Taylor Rees and Renan Ozturk are professional filmmakers and mountain climbers, though to leave it at that considerably undersells them. It’s like calling Copernicus a Polish stargazer. There’s just no common or formal usage that encompasses everything they do. It entails a lot of disappearing acts into under-discovered, intemperate zones. We all dream of this, of suddenly vanishing, unraveling the derangements of our sunups-to-sundowns, loosening the fissures of lunchtime to discover other worlds. We gaze at the sea and the mountains; mostly, the Discovery Channel has to suffice. But Rees and Ozturk dine out on this kind of stuff for a living.

Example #1: When they met in 2011, set up by a mutual friend in Jackson Hole, they decided to climb the 13,770-foot Grand Teton peak. It was a 24-hour first date in the heady tiller of rockfall and lupine sworl that wasn’t a big deal, really, until it was. The attraction was gravitational.

“By the end of the day, I think we were both committed,” says Rees, 30, who in addition to her alpinist chops (her given middle name is “Freesolo” — both parents were climbers) is a gifted photographer with a masters degree in environmental studies and film from Yale. They fell in love, no surprise, bought a house, adopted a dog, and started working together, buttressing one another in the kinds of aesthetic overlays that come so rarely in life.

“We realized very early on in our relationship that we clicked professionally,” she says. “And with Renan traveling eight months out of the year, work became a way for us to be together.”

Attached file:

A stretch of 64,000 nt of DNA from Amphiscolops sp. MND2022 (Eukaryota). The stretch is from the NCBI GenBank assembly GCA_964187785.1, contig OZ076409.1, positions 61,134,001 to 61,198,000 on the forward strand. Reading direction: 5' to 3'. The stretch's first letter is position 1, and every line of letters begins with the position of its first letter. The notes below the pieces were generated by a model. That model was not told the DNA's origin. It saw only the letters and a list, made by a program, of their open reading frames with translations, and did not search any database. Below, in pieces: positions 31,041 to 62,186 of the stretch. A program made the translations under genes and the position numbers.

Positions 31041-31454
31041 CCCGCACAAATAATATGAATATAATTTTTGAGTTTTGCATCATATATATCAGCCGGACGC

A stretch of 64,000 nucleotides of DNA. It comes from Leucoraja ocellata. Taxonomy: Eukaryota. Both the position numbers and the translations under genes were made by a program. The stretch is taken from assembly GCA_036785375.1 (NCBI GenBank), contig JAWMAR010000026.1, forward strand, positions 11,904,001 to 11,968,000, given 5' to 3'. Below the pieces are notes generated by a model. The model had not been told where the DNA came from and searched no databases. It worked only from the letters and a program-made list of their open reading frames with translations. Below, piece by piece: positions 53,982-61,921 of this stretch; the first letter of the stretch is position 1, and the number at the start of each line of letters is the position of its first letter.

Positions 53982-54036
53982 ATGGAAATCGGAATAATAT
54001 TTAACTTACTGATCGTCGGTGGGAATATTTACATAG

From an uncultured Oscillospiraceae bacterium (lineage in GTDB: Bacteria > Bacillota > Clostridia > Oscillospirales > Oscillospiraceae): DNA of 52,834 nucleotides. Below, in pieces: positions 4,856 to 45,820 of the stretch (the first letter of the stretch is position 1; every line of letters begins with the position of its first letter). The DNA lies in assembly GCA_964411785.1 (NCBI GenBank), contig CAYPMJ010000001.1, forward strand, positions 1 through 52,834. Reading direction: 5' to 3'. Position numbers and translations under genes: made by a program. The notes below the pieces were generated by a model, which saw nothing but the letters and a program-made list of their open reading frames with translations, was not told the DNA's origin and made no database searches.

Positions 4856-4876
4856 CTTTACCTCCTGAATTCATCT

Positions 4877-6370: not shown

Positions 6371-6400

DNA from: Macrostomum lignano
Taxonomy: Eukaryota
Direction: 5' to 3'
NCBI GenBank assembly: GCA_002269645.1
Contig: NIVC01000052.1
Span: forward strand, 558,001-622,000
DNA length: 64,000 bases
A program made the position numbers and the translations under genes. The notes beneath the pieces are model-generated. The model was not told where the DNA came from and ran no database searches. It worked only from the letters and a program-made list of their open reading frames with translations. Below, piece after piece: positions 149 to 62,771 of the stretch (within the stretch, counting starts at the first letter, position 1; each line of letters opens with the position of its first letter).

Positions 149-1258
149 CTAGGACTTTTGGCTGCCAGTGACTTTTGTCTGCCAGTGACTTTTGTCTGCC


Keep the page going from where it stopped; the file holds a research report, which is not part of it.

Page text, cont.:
Which is not to say it’s been all milkshakes and balloons.

“Because I’m a little more established in the industry,” says Ozturk, 35, “it’s hard sometimes for Taylor not to feel like I’m overshadowing her. There’s a respect that has to be treated carefully.”

“Having a partner who spends a lot of time risking their life,” Rees says, “you’re always sort of gasping, like, is it worth it? There’s jealousy mixed in with protection. We spinout sometimes.”

Last year, Rees and Ozturk took part in a punishing, two-month-long, National Geographic- and The North Face-sponsored, on-the-face-of it categorically insane expedition to Burma.

Climbing is probably the loneliest job in the world. There’s that tough, indifferent wall, an obstacle to be overcome internally and externally, with no real division between the two, and which pays huge dividends in self-reliance. Although, even a gym-rat belayer will tell you it’s also mutually illuminating, that the emotional demands are just so immense that partnering up can allow you to plumb the sport’s purest depths. Like, afterwards, hiking back down, your fingernails and calculations and blood and spit left behind on that storm-washed thing behind you, and here’s wifey/papi and dog to share in your glory.

Example #2: Last year, Rees and Ozturk took part in a punishing, two-month-long, National Geographic- and North Face-sponsored, on-the-face-of-it categorically insane expedition to Burma, where they’d hoped to summit Hkakabo Razi, Southeast Asia’s highest peak at 19,000 feet. It had been climbed once or twice before, but its exact height remained unverified. Ozturk was the expedition’s cinematographer, and he and Rees, who served as base camp manager, planned to make a film about it. As it turned out, nobody had quite anticipated the emotional/physical drainage ditch of a 135-mile jungle mud-slog preamble, piggybacked by a troublesome alpine ascent. Near the summit, relations among the six-person team soured. A 48-hour mountainside shouting match ensued, blood vendettas were sworn, that sort of thing. It didn’t matter. The weather turned them back 800 feet short of the top. For Rees and Ozturk, the debacle eloquently dramatized the hazards of multidimensional relationships on high-stakes expeditions, and they turned it into a 2015 short film, Down to Nothing, which won a cinematography award at the Telluride MountainFilm Fest.